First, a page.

Andrzej Witkowski’s legacy with respect to developing University of Szczecin’s international relations in geosciences over the last 10 years is directly visible in the annual programmes of a series of international seminars at the Institute of Marine and Environmental Sciences, at present titled the Szczecin Marginal Seas Webinars he was a co-convener of.
Other projects he was involved in, and/or was instrumental in developing, included those focusing on, inter alia, changes in circulation during the Late Glacial and Holocene in the Northern Atlantic Ocean, including the Baltic Sea (e.g., projects ERA-NET PLUS BONUS, DZP/POL-NOR) as well as the taxonomy and biogeography of phytoplankton in the context of recent climatic changes (e.g., project TemBioDiaSA). He expanded his research interest during the last decade to answer broader questions in palaeoceanography and -ecology and participated in international projects focussed on the European seas, such as the COST-Action SPLASHCOS dealing with the submerged landscapes of the European palaeoshelf and marginal seas or the tri-lateral Polish-German-Chinese project ERES on the Late Pleistocene development of the South China Sea exemplified by its Beibu Gulf.
Some of the projects required him to take part in scientific expeditions, which he enjoyed tremendously. Indeed, he logged a number of such endeavours, including expeditions to the south African coasts, Madagascar, the Red Sea, the Galapagos as well as cruises on board RV Oceania to Vest Spitsbergen, RV Marion Dufresne to the West Indian Ocean, and RV Maria S. Merian to Greenland.
Andrzej Witkowski’s activities toward strengthening international collaboration and interactions included also his efforts at organising international conferences at the University of Szczecin, starting with a series of smaller international meetings of diatomologists to Geopomerania conferences co-sponsored by the Baltic Earth to a big 18th International Diatom Symposium in September 2004 at Międzyzdroje (about 200 participants) to a huge gathering of the International Phycological Society in 2018 in Szczecin (about 700 participants). Memories from those meetings still linger among the participants.
In his later years, he became more and more interested in the science of climate change, this interest being manifested in organization of two international conferences in Szczecin, in 2009 and 2014 ("Climate Change - the environmental and socio-economic response in the Southern Baltic Region"), in collaboration with Baltic Earth.
For some of the attendees, the conferences provided a stimulus to come to Andrzej Witkowski’s laboratory for a Ph.D. study or a post-doc. A major aid and attraction in this regard has been the Szczecin Diatomological Collection, established by Andrzej Witkowski and his collaborators at the Institute of Marine and Environmental Sciences, University of Szczecin.
The collection gave rise to diatom cultures which have been key to a new research line Andrzej initiated in his laboratory. His research on diatom biodiversity and taxonomy led him to realise that the diatom taxonomy based solely on frustule morphology was not enough, and molecular and genetic studies are necessary as well. Such studies had indeed been initiated by him (phylogeny, taxonomy, biodiversity and biogeography of littoral diatom assemblages in projects supported by the Polish National Science Centre; biodiversity of diatom assemblages of the world ocean’s littoral and sublittoral zones with a particular reference to tropical coral reefs; molecular phylogeny of diatoms and culture-based use of molecular markers in the assessment of biodiversity of diatom assemblages in Project GHaNA) and resulted, as fitting, in a number of research papers and Ph.D. theses for which he and his collaborators were acknowledged, four times (2014, 2015, 2017, 2022), with the highest regional scientific award known as the “West-Pomeranian Nobel”.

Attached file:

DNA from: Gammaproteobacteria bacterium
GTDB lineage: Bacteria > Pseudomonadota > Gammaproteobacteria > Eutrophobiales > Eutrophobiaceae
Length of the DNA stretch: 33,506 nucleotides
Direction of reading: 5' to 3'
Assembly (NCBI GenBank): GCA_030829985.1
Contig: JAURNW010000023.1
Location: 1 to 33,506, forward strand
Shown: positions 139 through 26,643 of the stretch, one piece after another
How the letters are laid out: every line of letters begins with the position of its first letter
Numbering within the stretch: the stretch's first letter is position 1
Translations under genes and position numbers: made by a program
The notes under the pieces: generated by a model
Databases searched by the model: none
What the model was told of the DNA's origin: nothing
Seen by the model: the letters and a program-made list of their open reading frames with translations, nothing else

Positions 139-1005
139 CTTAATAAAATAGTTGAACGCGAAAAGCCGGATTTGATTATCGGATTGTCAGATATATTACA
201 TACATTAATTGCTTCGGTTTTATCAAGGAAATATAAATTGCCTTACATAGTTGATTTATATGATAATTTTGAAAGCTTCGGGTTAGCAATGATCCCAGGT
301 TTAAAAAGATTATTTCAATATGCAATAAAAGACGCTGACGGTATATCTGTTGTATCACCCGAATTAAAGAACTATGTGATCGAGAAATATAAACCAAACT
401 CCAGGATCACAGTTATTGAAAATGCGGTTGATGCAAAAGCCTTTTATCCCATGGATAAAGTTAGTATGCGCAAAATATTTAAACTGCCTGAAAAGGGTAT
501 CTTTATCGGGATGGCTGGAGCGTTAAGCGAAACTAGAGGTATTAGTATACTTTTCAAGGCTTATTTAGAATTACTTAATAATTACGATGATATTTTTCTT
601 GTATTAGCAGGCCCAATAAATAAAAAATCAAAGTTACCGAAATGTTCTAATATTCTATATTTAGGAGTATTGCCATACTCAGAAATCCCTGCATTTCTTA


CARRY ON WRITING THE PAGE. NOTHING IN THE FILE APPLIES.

In recent years, Andrzej Witkowski became interested in an applied angle of his diatomological research and engaged himself, his laboratory associates and Ph.D. students in studies concerning high-value natural products that can be derived from diatoms (e.g., chitosan, marennine from the blue Haslea cultures, and production of oil from diatom cultures up-scaled from laboratory conditions), again anchoring this research in diatom cultures maintained in his laboratory.
Although heavily involved in research, mentoring and supervision, Andrzej Witkowski did not shy away from administrative duties at the University, first as deputy dean for science at the Faculty of Natural Sciences, University of Szczecin, followed by his taking up the University of Szczecin vice-rectorship for science and international cooperation, culminating in his serving on the University Board. His contribution to science earned him the full membership of the Polish Academy of Sciences.
On top of that, he was a very outgoing, highly social person, always ready to interact informally with his peers, associates and students. He will be remembered as a noble and friendly person, respected and valued – and missed – by the scientific and academic community.
He is survived by his wife Małgorzata, his daughter Agnieszka and his son Jakub to whom we express our most sincere condolences.
Teresa Radziejewska, Małgorzata Witak, Jan Harff, Hans von Storch